Helen Wallace, a world renowned public health advocate, graduated from Wellesley in 1933. She later earned an M.D. from Columbia University College of Physicians & Surgeons and, subsequently, an M.P.H. from Harvard University’s School of Public Health.
Wallace taught classes and directed public health programs at various large research universities, such as New York Medical College, University of Minnesota, University of California Berkeley, and San Diego State University. She served as a consultant to the World Health Organization in India, Burma, Sri Lanka, Thailand, the Philippines, Uganda, Turkey, Iran, and a number of other countries. Her work was critical in establishing a blueprint for the field of maternal and child health in many developing countries.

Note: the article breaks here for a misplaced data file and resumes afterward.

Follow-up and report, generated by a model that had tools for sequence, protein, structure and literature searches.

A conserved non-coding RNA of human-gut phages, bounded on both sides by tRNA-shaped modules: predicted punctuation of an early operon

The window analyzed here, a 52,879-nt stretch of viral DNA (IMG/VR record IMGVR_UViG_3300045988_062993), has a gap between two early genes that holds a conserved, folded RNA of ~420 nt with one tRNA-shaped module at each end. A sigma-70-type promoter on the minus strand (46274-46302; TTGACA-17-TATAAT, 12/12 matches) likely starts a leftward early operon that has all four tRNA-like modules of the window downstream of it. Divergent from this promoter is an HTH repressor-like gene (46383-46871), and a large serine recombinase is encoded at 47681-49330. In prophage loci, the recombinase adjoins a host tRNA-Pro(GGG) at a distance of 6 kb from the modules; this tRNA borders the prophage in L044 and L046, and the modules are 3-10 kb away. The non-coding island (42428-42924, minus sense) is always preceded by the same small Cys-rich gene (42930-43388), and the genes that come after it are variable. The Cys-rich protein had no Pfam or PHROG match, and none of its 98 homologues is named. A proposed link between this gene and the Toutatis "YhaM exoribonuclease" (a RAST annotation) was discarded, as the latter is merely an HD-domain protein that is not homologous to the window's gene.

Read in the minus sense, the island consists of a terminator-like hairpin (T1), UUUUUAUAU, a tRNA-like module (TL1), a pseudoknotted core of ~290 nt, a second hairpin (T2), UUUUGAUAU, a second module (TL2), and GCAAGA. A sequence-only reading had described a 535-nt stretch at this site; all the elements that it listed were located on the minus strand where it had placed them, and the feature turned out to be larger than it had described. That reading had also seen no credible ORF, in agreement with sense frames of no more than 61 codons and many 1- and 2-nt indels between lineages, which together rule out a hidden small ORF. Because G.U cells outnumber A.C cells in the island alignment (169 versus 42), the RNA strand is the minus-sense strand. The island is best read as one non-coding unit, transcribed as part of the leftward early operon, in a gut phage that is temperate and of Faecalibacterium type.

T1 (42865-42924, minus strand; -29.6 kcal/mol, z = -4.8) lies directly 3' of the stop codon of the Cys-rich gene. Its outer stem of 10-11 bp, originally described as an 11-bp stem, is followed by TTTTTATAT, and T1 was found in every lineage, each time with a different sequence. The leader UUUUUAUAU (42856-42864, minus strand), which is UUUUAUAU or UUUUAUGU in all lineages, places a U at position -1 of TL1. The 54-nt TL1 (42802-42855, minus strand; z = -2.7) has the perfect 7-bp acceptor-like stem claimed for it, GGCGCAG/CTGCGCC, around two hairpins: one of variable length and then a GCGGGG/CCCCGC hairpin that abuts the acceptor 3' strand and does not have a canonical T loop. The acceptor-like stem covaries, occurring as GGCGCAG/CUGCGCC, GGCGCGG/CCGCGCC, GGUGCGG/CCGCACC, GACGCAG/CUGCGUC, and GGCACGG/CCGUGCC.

She published fifteen textbooks, such as Health Services for Mothers and Children, Comprehensive Care of Handicapped Children and Youth, and Health and Welfare Reform for Families in the 21st Century, and she has contributed to over 300 articles to peer-reviewed journals.
She was awarded the American Public Health Association’s Martha May Eliot Award in 1978 and a Fulbright Scholarship to study public health in Czechoslovakia in 1992.
Wallace died in February 2013, just two weeks before her 100th birthday.
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